Hamed's offense wasn't the only facet of his game that was primed. His defense was excellent. Although he didn't use much footwork, opting instead to plant and fire, he managed to avoid a great number of Bungu's attempts by quickly leaning back, watching a punch fly by, and the retaliating with a hard counter of his own. This mode of avoiding punches is never taught to young fighters, but Hamed can get away with it because of his quick reflexes. Toned, trim and in shape for this bout, Hamed's conditioning allowed him to maximize his unorthodox style.

Bungu did what he could by keeping his hands up and looking for an opportunity to land. But Bungu was also visibly hurting by the third round, when Hamed continued digging to the body and picking him off when he hesitated. Again Bungu landed a head snapping right hand counter that caught the Prince coming in, but it was not enough to keep Hamed off him. By the end of the third, Bungu looked wobbled after several successive body shots landed clean.

The fourth round was going at the same pace as the previous three. Hamed was taking his time and landing blistering punches from the southpaw stance when all of the sudden the fight was over. Hamed fired a perfect straight left hand clear through Bungu's guard and Bungu went down hard. Falling back onto his side, a stunned Bungu was stretched on the canvas, eyes wide. Trying in vain to push himself up, Bungu was waved off midway through the mandatory eight when referee Joe Cortez realized that he could probably count to 50 before Bungu got to his feet.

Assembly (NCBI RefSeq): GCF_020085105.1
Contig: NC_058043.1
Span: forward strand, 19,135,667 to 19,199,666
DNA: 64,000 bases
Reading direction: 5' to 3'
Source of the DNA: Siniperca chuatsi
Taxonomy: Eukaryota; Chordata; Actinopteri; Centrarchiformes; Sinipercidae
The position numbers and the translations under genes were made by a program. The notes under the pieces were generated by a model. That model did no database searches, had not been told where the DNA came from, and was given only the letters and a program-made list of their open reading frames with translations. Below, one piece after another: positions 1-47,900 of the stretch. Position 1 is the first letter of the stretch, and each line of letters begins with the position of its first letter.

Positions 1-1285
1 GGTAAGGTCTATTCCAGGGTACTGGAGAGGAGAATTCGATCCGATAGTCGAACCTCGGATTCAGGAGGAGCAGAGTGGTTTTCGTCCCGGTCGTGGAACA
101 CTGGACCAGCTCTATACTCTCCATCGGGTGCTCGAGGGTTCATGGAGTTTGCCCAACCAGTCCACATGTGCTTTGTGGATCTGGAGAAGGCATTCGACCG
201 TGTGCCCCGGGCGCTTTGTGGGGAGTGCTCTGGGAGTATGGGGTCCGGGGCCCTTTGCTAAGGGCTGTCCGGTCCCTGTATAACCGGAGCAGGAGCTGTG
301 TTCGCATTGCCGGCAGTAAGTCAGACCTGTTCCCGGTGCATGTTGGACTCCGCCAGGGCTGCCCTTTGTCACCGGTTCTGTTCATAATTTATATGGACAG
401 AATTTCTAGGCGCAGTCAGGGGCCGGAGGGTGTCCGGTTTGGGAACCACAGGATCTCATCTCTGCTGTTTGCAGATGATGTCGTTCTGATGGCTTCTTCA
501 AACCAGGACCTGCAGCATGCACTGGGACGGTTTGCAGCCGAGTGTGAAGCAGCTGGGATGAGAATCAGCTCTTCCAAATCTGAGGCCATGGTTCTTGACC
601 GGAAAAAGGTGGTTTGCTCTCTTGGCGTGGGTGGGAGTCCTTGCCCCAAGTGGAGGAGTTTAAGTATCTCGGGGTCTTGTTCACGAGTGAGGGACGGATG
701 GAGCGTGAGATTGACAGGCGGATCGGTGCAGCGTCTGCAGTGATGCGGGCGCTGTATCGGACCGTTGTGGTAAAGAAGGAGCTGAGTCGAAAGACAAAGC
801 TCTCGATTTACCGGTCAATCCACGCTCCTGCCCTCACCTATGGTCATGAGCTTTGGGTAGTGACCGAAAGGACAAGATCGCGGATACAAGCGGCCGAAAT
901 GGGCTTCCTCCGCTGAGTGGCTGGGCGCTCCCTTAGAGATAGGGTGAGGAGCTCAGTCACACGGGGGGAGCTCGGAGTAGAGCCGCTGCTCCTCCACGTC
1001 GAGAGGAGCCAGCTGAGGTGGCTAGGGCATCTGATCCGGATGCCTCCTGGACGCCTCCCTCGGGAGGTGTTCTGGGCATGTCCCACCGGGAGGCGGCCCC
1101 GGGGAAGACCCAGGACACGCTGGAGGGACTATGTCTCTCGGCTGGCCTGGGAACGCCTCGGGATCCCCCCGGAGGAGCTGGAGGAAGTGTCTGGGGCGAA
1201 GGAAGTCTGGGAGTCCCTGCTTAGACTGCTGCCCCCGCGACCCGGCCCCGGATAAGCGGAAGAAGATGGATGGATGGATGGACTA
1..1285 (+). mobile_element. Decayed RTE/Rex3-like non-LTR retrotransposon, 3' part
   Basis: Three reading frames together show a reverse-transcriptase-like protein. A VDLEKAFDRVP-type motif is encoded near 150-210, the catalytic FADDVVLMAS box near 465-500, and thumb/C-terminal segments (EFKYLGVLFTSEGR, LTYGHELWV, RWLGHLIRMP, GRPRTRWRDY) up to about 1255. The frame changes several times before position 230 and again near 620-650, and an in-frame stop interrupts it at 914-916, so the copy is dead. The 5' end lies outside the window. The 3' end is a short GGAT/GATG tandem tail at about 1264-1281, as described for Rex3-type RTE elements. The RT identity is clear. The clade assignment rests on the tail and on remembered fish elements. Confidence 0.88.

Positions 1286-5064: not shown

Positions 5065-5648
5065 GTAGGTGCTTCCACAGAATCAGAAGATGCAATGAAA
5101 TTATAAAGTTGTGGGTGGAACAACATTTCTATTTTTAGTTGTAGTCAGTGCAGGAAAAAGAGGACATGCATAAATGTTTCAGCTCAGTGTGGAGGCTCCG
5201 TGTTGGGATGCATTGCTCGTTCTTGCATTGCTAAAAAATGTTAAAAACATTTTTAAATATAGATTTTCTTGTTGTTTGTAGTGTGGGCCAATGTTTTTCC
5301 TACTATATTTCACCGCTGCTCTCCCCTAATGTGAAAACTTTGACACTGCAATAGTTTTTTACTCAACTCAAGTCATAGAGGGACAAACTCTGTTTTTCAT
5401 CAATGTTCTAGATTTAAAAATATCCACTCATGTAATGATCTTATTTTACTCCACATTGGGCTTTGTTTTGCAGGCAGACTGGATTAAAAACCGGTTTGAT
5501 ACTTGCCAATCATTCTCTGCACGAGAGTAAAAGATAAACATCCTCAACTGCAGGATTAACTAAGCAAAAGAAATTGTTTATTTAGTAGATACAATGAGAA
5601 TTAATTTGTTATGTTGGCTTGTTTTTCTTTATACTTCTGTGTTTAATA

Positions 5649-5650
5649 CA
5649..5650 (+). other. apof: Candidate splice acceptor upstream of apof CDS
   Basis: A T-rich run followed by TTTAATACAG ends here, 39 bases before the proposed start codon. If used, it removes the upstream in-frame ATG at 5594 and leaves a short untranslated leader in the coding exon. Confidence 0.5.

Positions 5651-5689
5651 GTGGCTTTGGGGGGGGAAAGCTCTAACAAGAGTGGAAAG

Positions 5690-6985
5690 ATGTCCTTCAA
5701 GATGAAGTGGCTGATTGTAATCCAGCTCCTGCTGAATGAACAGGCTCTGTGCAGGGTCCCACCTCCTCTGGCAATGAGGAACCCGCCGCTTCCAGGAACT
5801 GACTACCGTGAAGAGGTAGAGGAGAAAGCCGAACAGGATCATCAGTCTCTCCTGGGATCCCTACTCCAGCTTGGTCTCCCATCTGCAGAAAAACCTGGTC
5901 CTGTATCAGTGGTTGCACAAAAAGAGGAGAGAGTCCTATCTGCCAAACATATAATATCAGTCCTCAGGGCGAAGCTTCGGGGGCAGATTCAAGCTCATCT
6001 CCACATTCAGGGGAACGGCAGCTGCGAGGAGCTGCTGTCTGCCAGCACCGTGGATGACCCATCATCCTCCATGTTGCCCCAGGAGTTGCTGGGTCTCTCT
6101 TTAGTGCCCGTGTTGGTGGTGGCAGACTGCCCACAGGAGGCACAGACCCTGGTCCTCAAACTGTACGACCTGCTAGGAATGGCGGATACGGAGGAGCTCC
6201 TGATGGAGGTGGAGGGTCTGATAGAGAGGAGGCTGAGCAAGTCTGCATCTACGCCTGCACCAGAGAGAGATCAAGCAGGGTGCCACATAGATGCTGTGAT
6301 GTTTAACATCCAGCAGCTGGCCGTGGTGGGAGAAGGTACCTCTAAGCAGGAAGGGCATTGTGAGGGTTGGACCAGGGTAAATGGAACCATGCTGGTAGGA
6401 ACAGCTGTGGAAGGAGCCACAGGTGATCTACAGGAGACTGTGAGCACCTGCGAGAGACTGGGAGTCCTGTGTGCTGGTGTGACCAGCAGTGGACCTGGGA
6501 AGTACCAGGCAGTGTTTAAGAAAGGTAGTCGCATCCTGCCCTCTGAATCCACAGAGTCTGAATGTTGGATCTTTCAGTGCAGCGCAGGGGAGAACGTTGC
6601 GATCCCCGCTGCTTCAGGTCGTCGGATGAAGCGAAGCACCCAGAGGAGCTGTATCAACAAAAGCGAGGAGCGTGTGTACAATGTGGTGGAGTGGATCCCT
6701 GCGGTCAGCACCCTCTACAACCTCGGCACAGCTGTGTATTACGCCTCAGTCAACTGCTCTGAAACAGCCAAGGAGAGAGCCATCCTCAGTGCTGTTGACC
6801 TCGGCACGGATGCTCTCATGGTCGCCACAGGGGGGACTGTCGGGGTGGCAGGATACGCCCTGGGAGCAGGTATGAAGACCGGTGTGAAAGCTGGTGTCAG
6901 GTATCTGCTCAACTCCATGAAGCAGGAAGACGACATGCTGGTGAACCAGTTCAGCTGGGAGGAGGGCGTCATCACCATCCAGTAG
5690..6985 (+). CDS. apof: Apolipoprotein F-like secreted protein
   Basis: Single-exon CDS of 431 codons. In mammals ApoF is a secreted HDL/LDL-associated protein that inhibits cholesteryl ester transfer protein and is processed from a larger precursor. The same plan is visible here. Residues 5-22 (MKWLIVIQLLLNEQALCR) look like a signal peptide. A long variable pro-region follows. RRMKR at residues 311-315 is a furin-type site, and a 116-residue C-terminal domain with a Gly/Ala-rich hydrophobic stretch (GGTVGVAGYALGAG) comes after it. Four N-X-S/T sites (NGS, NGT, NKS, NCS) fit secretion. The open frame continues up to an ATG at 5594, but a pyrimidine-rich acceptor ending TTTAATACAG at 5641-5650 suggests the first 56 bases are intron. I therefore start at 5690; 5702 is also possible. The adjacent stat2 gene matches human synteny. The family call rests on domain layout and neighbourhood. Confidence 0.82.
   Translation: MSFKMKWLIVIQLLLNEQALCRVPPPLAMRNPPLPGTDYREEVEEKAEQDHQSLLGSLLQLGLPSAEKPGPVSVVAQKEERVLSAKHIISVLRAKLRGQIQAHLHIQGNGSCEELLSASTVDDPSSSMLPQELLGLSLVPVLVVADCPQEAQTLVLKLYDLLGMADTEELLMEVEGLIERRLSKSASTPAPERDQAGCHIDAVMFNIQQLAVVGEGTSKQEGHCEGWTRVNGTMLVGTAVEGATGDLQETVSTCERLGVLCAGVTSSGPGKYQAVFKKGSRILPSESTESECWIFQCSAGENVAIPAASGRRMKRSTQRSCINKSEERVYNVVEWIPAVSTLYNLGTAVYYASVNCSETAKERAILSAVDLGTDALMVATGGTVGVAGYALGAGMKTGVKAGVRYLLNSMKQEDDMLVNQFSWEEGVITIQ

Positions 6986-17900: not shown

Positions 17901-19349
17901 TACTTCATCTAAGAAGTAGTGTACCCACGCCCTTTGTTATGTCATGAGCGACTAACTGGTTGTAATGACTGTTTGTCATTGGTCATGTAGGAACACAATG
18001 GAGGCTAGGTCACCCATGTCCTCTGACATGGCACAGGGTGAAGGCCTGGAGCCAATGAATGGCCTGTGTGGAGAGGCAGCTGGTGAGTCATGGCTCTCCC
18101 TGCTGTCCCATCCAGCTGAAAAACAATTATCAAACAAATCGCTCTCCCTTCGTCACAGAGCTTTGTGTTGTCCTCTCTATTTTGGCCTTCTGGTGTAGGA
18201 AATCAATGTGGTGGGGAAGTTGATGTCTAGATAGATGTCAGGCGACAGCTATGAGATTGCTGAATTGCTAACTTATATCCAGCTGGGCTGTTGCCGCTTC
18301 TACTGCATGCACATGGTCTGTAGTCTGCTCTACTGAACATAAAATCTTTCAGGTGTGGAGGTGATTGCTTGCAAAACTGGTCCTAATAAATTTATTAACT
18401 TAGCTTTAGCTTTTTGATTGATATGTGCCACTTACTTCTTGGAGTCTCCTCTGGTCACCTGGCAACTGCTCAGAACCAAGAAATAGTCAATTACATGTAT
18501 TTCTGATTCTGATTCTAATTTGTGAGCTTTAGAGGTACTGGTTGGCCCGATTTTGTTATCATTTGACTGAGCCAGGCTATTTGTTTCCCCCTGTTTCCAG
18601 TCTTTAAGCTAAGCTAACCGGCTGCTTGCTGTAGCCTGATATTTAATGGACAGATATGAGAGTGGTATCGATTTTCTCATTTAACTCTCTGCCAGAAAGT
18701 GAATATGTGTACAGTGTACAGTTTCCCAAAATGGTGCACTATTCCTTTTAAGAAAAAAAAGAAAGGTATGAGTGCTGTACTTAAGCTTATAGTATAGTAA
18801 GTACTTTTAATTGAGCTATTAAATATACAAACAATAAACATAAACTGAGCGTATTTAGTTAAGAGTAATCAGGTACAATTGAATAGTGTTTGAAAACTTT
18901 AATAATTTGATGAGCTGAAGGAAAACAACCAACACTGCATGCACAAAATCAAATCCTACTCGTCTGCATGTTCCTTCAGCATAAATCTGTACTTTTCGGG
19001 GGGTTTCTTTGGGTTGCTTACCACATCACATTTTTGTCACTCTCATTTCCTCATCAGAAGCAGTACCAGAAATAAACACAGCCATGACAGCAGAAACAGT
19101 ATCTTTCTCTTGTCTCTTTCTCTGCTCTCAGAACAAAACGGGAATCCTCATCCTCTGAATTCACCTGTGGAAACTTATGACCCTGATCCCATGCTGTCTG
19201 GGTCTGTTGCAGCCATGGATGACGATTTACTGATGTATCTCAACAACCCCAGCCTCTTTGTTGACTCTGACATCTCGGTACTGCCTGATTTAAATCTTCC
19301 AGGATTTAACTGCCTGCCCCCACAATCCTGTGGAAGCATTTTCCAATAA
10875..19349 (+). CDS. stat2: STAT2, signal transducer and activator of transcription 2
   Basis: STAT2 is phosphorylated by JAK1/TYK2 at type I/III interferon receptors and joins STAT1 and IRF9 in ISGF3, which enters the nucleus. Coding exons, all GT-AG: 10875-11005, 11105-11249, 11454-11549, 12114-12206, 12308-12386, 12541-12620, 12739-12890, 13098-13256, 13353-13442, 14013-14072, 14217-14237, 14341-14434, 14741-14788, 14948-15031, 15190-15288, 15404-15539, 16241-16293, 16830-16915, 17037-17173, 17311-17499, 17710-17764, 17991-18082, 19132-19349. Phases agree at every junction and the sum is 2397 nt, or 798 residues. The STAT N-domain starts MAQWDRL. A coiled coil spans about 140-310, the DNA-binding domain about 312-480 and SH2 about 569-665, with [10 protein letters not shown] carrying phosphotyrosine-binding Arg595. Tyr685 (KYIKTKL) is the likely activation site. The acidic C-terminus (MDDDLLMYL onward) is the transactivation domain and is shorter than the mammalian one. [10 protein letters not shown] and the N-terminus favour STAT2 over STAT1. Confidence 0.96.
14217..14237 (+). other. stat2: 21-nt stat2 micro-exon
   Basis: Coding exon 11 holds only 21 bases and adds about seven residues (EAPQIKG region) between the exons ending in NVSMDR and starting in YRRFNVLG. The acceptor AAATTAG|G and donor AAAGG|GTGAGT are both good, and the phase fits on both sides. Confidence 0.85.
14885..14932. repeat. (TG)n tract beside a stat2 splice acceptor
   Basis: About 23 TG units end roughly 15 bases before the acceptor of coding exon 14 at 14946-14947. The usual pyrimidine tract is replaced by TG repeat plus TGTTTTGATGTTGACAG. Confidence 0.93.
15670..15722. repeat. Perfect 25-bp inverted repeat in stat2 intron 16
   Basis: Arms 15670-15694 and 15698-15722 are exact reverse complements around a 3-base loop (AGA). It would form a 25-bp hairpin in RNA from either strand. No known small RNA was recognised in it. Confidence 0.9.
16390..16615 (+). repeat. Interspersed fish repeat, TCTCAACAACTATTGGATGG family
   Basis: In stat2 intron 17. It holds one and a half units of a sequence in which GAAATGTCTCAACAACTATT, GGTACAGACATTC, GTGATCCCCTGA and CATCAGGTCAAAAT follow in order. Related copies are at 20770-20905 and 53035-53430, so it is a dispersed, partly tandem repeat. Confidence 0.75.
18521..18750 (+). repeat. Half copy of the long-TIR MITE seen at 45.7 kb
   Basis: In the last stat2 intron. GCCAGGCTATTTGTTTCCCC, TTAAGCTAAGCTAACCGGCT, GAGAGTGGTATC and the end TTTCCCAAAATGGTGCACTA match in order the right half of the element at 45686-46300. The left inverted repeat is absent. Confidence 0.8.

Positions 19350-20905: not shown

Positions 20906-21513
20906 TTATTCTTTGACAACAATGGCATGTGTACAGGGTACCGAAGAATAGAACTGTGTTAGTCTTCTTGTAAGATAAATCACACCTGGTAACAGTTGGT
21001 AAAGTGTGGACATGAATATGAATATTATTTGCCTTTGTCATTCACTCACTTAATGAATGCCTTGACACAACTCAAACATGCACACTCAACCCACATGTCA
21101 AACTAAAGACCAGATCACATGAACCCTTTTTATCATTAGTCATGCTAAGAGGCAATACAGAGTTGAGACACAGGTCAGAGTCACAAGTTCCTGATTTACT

For Hamed, this was one of his most spectacular victories. Bungu had never been stopped, never even knocked down, in his 13 year career. Now with a single Hamed left hand, he was knocked silly. Hamed let it be known with this fight that when he is focused and well conditioned, that he remains the most dangerous puncher in all of boxing.

After the fight, Hamed brimmed with confidence as he loudly called out for a fight with undefeated Erik Morales. It remains to be seen whether this fight can be made in 2000, with Morales beginning a much needed rest after taking a vicious beating from Marco Antonio Barrera and then lined up for a shot at the vacant WBC featherweight title that Hamed was stripped of. A win over Morales, Hamed realizes, could deliver the respect that has eluded him in many circles. As the most powerful fighter below 130 pounds, Hamed would give Morales all he could handle while the bout lasted.